From: "Florent Guillaume" <[EMAIL PROTECTED]>
> No no no ! With NUG the Roles added to a group are still added at the
> local role level, which means that the 'bosses' group only has a Boss
> role where you want it.

Yes, of course. But what I was aiming at is that all the Bosses have Boss
right at all the places where the Boss group have rights. There is no way to
differentiate within one group.

> I really think that my model can be used for what you do.

Sure it can. What you have to do is that for each role that you want within
a workgroup you will have to create one group. So if you have ten
departments, and you have five roles within these departments (f ex authors,
reviewers, HR, CR and Bosses), you just create 50 different groups, one
group for each department and role, and assign the permission for each of
these fifty roles at the correct locations in the hierarchy.
In a nightmare scenario, each department should have exclusive access to say
2 areas, and access to one shared area.
This means that you need to do 50*3 = 150 group to roles mappings.

So yes, you can. It's just more work. Just as if this was done without any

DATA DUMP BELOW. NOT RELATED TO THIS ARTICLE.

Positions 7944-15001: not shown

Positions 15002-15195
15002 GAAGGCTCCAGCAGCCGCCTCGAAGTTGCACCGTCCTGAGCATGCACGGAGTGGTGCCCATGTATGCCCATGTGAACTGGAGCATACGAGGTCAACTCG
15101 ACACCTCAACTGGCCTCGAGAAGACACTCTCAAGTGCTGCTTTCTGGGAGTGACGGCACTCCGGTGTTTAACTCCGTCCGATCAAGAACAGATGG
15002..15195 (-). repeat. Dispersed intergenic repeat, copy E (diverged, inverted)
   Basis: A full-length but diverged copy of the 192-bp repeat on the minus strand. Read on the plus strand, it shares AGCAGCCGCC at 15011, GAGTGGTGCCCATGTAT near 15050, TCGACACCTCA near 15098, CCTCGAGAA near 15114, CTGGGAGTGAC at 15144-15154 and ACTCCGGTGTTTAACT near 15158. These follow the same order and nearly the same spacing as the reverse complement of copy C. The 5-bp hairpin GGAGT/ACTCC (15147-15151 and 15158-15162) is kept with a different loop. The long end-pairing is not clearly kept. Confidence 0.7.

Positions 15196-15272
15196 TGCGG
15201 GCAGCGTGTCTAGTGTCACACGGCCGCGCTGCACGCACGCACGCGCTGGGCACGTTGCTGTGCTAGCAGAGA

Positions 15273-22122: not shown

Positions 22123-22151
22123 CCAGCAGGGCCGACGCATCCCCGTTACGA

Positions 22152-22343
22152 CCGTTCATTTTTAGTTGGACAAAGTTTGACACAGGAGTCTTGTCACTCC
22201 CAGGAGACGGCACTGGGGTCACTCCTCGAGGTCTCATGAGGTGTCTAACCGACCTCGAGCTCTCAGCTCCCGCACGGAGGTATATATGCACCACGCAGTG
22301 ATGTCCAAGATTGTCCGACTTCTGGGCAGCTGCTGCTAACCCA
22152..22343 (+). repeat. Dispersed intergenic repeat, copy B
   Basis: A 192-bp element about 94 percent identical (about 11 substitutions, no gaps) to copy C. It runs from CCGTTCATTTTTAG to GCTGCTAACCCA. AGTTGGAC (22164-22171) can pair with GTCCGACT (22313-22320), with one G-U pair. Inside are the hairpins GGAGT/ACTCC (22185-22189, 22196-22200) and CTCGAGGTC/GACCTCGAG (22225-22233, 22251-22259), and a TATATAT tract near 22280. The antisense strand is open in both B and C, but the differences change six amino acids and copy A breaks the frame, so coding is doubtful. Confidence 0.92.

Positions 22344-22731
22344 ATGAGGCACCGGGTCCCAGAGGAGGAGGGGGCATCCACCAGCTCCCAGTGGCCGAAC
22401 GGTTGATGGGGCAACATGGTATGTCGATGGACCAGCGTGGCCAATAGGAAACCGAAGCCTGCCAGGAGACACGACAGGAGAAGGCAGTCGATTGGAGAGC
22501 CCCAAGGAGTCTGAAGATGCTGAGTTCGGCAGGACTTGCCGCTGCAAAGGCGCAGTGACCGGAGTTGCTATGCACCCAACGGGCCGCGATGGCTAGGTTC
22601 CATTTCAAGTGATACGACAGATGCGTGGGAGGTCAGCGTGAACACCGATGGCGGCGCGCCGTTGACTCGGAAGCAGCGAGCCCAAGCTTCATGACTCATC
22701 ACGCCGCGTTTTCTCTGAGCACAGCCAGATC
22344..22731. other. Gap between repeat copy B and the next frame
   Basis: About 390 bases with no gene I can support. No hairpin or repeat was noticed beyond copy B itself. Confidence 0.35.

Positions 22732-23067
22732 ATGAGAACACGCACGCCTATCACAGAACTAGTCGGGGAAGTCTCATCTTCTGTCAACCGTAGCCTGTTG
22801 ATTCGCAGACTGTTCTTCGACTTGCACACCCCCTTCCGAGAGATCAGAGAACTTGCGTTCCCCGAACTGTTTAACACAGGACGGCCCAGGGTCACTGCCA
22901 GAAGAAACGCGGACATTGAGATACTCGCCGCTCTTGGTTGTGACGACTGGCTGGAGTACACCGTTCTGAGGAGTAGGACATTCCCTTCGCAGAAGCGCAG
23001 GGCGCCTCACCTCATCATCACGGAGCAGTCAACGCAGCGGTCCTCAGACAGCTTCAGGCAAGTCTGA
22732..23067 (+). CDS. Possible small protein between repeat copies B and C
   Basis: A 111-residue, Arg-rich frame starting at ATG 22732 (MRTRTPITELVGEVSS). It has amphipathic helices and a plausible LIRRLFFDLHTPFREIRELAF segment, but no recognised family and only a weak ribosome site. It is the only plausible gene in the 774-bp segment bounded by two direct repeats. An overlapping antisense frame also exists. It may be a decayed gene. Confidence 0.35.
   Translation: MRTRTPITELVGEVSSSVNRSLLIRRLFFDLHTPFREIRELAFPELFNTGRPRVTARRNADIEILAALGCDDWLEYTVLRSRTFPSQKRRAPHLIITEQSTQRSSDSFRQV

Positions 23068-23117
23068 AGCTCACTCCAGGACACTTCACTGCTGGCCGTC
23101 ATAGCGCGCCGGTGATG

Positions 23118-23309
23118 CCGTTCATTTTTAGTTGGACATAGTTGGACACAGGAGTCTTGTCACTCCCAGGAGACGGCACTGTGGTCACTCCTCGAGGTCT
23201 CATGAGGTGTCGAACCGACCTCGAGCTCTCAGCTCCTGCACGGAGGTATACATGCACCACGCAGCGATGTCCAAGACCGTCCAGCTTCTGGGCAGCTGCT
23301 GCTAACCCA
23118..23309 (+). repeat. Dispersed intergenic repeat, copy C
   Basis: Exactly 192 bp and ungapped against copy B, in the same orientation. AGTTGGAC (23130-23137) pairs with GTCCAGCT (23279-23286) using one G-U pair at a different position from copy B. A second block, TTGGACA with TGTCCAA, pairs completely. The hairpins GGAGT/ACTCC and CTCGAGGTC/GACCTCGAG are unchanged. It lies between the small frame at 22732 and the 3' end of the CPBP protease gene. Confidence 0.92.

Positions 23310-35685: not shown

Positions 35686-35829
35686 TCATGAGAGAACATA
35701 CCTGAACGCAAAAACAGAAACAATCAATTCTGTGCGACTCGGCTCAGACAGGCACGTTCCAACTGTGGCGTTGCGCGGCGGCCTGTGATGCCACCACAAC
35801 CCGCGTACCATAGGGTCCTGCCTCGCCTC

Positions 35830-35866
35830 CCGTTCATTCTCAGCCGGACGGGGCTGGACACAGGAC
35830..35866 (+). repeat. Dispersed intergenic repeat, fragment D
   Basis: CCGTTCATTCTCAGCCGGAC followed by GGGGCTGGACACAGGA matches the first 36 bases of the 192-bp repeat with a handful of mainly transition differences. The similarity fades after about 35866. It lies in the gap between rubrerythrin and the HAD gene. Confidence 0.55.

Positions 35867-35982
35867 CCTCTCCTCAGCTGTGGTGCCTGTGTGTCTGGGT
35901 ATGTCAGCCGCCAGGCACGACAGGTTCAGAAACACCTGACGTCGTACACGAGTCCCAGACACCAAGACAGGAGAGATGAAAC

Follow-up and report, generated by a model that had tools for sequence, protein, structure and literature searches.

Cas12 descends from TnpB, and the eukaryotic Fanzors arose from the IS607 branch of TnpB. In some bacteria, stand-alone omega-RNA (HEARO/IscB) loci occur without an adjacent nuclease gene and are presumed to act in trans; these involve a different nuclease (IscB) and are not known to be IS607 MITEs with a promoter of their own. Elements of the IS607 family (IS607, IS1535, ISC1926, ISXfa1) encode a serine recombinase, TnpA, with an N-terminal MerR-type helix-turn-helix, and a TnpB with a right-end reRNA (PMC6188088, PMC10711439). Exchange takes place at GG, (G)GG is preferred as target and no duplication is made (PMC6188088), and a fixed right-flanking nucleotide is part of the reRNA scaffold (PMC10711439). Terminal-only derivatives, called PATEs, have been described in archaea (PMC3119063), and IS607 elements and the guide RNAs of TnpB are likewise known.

groups at all, you would have to add each user to the local roles to each
place. Say 15 users in each department times ten departments is 150 users
times 3 locations gives you 450 separate assignments. No fun.

With workgroups you create ten workgroups. Within each workgrup you assign
users to their respective roles. You then add the workgroups to the correct
places in the hierarchy. It also opens for the possibility to assign
workgroup managers that can create users and add them to their groups
without having any other manager rights (although this could be added later
to make it easier to implement).

> By the way, have you reviewed the use cases for workgroups that I put in
> ?

Now I have. :-)

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